Less than a month after he was appointed foreign secretary, S. Jaishankar has been tasked with injecting momentum into India’s relations with its neighbours—to this end, he has embarked on a “SAARC Yatra” starting from Bhutan on March 1.
It is now nearly three-quarters of a century since most South Asian countries became democracies, and this provides a milestone to assess democracy in the region. It is also an important moment because the political trajectories of South Asian countries in the medium term will be determined by the balance they can achieve between the attractions of India’s democratic model to their people, and the lure of China’s economic largesse to promote infrastructure projects, to their governments.
India is the gold standard for democracy in South Asia. Regular and fair elections among the world’s largest electorate of 814 million (in May 2014) is itself an extraordinary exercise. While other countries in the region have elected governments too, they are still making the difficult transition to representative democracy.
Equally importantly, the outcome of the polls in India is not repeatedly rejected by its political parties, Neither do they boycott elections—as Khaleda Zia’s Bangladesh Nationalist Party (BNP) did in January 2014, nor do they challenge the result—as Imran Khan’s Tehreek-e-Insaaf has done since April 2014 in Pakistan. This gives India’s democratic processes and institutions significant credibility.
The Bharatiya Janata Party won the 2014 general election on the platforms of anti-corruption and anti-dynasty—and both issues have become the demand of electorates in India’s neighbouring countries as well. Last year’s electoral defeat of the Congress party in India was rooted in these issues—and was mirrored by the defeat of Sri Lanka’s unabashedly pro-China president Mahinda Rajapaksa. Opposition to dynasty is becoming an issue in Bangladesh too, which the incumbent Awami League should interpret as a rejection of undemocratic practices.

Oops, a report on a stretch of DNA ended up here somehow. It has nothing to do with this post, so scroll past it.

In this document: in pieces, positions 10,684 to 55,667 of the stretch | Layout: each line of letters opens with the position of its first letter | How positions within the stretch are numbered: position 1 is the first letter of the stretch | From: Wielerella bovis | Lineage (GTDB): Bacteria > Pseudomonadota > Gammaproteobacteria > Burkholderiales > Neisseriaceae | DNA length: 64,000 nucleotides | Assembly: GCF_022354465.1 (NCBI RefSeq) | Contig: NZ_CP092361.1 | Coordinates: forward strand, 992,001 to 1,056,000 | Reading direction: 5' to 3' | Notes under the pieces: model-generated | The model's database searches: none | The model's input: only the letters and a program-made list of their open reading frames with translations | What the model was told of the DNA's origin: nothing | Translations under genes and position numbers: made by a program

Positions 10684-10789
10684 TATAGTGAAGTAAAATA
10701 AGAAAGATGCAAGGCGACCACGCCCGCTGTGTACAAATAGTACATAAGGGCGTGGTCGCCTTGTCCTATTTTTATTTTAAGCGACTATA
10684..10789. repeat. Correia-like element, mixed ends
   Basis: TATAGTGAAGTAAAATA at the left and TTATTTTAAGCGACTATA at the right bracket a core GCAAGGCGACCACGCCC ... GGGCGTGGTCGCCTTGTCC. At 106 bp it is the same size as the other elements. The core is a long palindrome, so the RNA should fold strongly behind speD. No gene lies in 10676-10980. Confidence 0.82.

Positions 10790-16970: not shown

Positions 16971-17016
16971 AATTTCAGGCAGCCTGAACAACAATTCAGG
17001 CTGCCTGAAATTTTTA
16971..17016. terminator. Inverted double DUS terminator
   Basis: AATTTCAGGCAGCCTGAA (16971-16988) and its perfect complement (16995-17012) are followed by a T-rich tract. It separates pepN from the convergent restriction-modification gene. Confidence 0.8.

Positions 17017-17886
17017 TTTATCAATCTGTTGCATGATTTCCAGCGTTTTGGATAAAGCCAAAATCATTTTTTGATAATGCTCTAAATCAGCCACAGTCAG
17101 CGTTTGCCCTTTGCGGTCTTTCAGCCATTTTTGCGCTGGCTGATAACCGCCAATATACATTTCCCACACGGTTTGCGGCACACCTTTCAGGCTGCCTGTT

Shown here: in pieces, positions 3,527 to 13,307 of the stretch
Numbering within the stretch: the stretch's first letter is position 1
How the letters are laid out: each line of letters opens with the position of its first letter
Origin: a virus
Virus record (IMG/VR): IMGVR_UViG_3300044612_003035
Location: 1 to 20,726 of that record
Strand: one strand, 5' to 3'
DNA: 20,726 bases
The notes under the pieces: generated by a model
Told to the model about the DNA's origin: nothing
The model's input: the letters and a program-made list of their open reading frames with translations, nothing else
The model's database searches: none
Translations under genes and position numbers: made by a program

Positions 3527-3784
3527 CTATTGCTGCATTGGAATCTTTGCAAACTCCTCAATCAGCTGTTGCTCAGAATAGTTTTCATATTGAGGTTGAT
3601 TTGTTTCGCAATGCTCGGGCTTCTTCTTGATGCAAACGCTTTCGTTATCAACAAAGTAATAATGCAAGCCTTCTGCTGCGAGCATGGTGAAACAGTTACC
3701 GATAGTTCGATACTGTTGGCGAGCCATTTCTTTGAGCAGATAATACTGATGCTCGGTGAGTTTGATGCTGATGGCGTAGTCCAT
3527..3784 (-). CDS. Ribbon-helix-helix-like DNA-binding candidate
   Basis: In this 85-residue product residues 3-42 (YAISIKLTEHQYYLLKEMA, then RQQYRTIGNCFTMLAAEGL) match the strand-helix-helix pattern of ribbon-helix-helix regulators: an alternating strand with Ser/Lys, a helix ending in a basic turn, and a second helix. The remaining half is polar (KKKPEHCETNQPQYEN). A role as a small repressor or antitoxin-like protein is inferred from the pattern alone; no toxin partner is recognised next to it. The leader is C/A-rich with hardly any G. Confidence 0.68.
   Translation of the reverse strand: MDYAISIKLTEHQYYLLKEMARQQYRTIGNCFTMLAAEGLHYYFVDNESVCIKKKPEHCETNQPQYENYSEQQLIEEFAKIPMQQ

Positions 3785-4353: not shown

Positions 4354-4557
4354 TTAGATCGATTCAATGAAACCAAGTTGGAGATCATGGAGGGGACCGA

THE CHINA FACTOR
The West meanwhile is preoccupied with the multiple crises in West Asia, and its interest in South Asia—beyond the ISAF intervention in Afghanistan—is waning. This opens up greater spaces for countries in the region to emulate the Indian model of democracy, rather than the North American.
The West’s dwindling interest is now deflected in allegations of human rights abuses. This censure is couched in threats of economic sanctions (by the U.S. against Sri Lanka in 2014); the blocking of loans from multilateral bodies (for example, the U.S. threatened to block IMF loans to Sri Lanka in 2009); and the withdrawal of trade concessions (as the European Union did with Bangladesh in 2013).
In this scenario, China has stepped in to fill the financial and infrastructural gaps in South Asia. Over the past decade, China has made major economic inroads into South Asian countries through trade, investment, and large-scale construction projects. From $6.5 billion in 2001, China’s trade with SAARC countries multiplied to $73.9 billion in 2012. Chinese investments in South Asia stand at over $30 billion, and China has provided loans worth $25 billion to the region.
China’s major projects in South Asia—including the development of the Gwadar Port in Pakistan, the Hambantota Port in Sri Lanka, and the Padma Multipurpose Bridge in Bangladesh—have enabled it to embed itself into these economies. Inevitably, its deepening economic relations with these countries have also translated into political influence in SAARC capitals.
This was evident at the SAARC Summit in Kathmandu in November 2014, when the three largest beneficiaries of China’s economic overtures in the region—Pakistan, Sri Lanka, and the Maldives—called for China’s status to be changed from an observer member of the grouping to a full member.